Drone use

Farmers have seen hundreds of technologies come and go that didn’t prove their worth. So when drones started circling over agriculture a few years ago, it wasn’t surprising the hype of their practicality was met with great skepticism. While some products were good, others were simply not suited for ag. 

By developing an end-to-end solution that delivers inputs precisely when and where they are needed, Michael Ott is working to retool the technology’s message. 

“Drones can do more than just capture imagery for field data,” says Ott, founder and CEO of Rantizo. “Our platform leverages that data to bridge the gap from analysis to action.”

Retooling the Message

Michael Ott headshot
Photo credit: Rantizo
Launched in 2018, Rantizo combines a DJI Agras MG-1P drone, autonomous hardware, and proprietary software that identifies problem areas, diagnoses field issues, sprays and applies required treatments, and then verifies issues have been addressed accurately. 

“Spraying crops is necessary, but conventional options, such as ground rigs and crop dusters, have their challenges,” Ott says. “Traditional methods can reduce yield by 1% to 3% due to crop destruction and upwards of 5% to 15% from soil compaction. Without precision capabilities, you can also see drift and wastage anywhere from 1% to 10%.” 

Equipped with a boom sprayer that has a 20-foot swath, ag-grade components, and a 2.7-gallon tank, Rantizo can apply liquids (e.g., pesticides) and solid products (e.g., fertilizer, cover crop seed, beneficial insects).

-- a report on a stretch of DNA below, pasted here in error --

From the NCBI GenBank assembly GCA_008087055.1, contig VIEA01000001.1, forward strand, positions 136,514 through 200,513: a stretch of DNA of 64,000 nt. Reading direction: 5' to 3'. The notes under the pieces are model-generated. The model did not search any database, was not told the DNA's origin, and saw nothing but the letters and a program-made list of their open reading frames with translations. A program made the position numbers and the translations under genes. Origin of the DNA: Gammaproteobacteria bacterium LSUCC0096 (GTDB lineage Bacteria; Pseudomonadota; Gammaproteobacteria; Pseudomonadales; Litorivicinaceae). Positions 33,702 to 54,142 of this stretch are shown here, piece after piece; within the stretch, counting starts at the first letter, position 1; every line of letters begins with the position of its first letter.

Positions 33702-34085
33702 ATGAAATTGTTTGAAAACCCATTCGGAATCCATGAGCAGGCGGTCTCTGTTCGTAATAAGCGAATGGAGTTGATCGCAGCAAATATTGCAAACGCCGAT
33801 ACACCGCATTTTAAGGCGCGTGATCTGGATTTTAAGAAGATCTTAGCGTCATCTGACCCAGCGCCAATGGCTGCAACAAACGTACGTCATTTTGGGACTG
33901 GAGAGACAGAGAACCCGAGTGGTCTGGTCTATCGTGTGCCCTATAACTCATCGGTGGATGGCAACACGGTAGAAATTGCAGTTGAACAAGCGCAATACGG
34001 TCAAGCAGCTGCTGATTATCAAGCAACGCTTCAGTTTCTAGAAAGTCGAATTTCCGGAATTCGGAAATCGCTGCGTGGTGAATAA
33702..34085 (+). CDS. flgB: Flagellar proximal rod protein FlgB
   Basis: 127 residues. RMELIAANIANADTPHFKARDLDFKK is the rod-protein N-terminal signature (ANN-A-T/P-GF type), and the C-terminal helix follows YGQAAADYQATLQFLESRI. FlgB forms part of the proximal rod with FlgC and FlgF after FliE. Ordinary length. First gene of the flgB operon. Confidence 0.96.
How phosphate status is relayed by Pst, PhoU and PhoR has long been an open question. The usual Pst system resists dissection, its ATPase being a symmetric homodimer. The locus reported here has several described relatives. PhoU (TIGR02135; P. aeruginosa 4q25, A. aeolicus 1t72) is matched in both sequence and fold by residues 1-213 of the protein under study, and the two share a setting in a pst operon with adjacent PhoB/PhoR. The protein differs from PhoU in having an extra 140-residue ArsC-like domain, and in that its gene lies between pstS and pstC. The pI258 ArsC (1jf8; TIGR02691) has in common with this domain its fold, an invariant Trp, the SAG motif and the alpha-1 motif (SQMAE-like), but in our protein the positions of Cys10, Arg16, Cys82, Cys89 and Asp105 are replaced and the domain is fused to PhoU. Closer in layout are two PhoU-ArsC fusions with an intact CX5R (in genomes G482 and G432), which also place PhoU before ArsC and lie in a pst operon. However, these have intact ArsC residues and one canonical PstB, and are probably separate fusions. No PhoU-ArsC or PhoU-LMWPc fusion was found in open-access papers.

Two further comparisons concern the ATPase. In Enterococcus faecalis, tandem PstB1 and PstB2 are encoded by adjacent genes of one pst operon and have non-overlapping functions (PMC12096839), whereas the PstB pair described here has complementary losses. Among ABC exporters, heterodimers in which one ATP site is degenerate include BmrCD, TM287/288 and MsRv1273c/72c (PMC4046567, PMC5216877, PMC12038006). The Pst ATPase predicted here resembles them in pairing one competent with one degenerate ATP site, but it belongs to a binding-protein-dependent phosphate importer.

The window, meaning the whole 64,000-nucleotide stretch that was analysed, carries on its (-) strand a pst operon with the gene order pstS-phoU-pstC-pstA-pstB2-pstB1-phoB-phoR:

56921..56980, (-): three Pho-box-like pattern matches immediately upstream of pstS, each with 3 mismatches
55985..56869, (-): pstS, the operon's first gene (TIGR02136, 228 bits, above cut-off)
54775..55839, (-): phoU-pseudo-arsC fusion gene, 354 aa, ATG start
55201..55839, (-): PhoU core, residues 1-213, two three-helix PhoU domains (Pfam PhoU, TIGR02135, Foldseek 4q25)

“Based on aerial imagery, I only spray the trouble spots vs. the whole field, which reduces costs, prevents overspraying, and slows weed resistance to pesticides. It’s a win for the farmer and the environment,” says Brian Pickering, who firmly believes a drone is a perfect fit in driving efficiency and sustainability on his Iowa farm. “I can also spray soon after it rains; a big rig can’t in muddy conditions.”

While his initial plan was to use the system only on his farm, Pickering says it became apparent the technology could also be beneficial as a custom application service. A licensed, insured, trained, and certified application service contractor for Rantizo, Pickering applied microbiome products in June for a farmer who is working with an ag university to test and document how corn responds to the products. 

“This is an inexpensive, accurate way to test new products on your farm,” he says, adding that in lieu of fall tillage with machinery, he is also working with farmers to test the success of cover crops through drone application.

“It’s a tremendous opportunity to collaborate with other farmers, and it is a great learning experience for all of us,” Pickering says.

Also an application service contractor, Mike Maguire intends to use his Wisconsin farm as a testing ground for timely aerial application of seed, fertilizer, and chemicals throughout the growing season. “Farmers benefit not only from having the ability to spray fields that can be difficult to get to because of weather, but they also won’t compact or tear up fields or run down crops using a drone,” he says.

Key Upgrades

In the near term, Rantizo plans to add an autonomous Mix & Fill station to increase the drone’s productivity from 14 to 23 acres per hour.

“We recently received approval to swarm with three drones, which allows us to cover about 40 acres per hour,” Ott says. “Swarming with the station gets us to about 60 acres per hour – close to what a tractor can do. By the end of 2020, we will be as productive as a tractor.”

“I believe drones are on the cutting edge for ag,” Maguire says. “In a few short years, they will be as common as computers are today.”

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